of a Greek
This book distils the author's experience, as a young traveller and later an anthropologist, of a way of life which, although seen here in a Greek context, was in its essentials once common throughout the world. Simple archetypal houses, terraced fields and plunging forest, the love of land and family, unceasing labour, a vivid communal life, and a continual drama of jokes and quarrels formed the texture of Greek village life for centuries until the changes of the last decades. The author has shown how the spiritual vision which evolved in these elemental conditions shaped people of great social dexterity, intuitive symbolic perception, and immense strength of character, resulting in a book that is not simply a work of scholarship but also the record of an inner journey.
'Portrait of a Greek Mountain Village ranks with John Campbell's study of northern Greek shepherds as one of the two best books written about Greece in this [last] century, at least in our language . . . There is an honesty and a curiosity about her writing that are somehow the measure of a love-affair of the mind. Lucky village . . . to have so sympathetic, so patient, and so clear-eyed a scholar.' Peter Levi in The Times Literary Supplement.
'. . . until the 1960s the village was an embodiment and, one feels, a continuity of a very ancient way of life, the rural community creating and defining its territory over centuries of customary agricultural and craft usages. . . . Dr du Boulay's work, fascinating for any student of the contemporary Mediterranean way of life, is of yet richer value for insights into its past. No student of Aegean history could read the book without profit.' Peter Warren in Antiquity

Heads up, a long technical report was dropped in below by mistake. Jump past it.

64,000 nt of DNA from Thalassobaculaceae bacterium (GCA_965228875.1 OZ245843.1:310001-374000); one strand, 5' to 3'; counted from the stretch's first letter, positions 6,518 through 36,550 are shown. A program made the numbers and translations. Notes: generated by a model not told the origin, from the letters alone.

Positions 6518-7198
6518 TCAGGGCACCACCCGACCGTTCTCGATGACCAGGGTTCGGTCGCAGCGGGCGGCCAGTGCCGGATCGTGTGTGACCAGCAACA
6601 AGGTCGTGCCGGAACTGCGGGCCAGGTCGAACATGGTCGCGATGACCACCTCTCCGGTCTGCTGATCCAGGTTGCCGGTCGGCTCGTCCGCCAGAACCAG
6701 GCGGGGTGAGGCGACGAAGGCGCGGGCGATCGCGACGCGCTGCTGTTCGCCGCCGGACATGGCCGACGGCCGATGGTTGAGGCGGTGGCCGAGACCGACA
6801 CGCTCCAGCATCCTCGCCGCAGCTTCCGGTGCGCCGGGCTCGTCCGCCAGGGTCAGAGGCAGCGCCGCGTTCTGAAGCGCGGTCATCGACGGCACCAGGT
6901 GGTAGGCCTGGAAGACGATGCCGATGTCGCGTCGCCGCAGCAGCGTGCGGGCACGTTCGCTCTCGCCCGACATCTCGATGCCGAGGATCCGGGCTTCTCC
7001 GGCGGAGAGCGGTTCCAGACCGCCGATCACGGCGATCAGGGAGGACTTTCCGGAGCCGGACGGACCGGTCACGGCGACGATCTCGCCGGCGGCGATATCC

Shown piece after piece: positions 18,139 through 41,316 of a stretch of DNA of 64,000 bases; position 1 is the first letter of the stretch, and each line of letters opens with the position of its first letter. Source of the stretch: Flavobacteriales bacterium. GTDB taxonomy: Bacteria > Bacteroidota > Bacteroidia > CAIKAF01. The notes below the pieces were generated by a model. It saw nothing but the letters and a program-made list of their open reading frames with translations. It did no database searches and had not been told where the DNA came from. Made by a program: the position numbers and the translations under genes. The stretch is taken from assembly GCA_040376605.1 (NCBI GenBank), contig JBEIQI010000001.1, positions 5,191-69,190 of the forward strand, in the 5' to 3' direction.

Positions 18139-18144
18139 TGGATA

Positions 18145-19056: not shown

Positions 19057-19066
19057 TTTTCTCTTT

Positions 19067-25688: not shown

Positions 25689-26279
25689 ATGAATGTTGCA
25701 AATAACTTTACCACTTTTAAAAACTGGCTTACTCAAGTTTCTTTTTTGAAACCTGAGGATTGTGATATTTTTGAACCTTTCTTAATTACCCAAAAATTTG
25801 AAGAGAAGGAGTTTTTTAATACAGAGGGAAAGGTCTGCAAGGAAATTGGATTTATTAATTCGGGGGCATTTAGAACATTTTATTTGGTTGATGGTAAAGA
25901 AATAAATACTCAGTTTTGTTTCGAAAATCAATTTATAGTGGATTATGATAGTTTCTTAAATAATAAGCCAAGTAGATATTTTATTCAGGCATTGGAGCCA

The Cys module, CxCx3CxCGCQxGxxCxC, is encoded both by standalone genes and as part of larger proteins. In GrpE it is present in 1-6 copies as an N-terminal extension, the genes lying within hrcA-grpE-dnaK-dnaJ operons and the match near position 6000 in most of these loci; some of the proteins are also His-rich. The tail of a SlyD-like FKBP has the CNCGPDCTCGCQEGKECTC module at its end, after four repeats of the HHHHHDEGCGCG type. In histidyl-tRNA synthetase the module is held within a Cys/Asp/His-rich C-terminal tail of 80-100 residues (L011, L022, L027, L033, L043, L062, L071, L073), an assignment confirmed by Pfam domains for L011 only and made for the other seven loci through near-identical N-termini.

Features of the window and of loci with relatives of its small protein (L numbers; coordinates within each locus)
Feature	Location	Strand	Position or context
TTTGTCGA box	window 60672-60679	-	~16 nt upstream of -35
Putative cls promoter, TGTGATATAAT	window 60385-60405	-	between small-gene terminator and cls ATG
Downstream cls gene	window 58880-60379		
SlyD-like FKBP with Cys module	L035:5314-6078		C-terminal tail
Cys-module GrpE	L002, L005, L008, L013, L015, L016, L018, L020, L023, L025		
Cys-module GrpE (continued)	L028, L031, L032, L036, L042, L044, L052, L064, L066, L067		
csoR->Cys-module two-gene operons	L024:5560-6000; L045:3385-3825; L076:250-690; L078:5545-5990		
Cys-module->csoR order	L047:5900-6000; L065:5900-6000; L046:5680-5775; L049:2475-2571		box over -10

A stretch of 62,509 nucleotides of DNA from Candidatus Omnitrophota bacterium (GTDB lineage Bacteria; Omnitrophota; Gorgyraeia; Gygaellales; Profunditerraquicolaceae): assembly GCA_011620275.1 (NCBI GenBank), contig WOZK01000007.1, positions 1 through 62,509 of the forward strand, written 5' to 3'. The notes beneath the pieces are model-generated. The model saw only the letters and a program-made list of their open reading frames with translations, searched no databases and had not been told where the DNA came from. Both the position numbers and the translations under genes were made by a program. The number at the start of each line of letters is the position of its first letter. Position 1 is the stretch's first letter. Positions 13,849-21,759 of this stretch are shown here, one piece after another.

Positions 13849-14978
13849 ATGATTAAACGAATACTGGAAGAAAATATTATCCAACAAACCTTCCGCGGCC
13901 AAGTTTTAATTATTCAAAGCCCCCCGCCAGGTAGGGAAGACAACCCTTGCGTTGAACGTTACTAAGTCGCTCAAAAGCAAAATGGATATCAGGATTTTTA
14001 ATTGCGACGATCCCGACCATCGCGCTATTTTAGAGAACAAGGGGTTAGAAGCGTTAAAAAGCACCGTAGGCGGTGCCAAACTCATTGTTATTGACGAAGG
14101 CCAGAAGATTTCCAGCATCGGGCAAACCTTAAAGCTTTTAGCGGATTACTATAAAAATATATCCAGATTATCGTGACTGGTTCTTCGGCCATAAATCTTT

'Juliet du Boulay analyses [the] poignant moment in the last days of a traditional village. It is not romantic of her to emphasize that in the change something is lost which is not replaced by higher levels of consumption. . . . Few will match [her] eloquence and perception.' Peter Loisos in The Times Educational Supplement.
Portrait of a Greek Mountain Village was first printed by Oxford University Press in 1974. This present edition was reprinted from the original edition, with additional plates and minor amendments, in 1994 and 2001.
- 310 pages, 20.8 x 13.7 cm, 16 black and white plates, sewn pages, 2001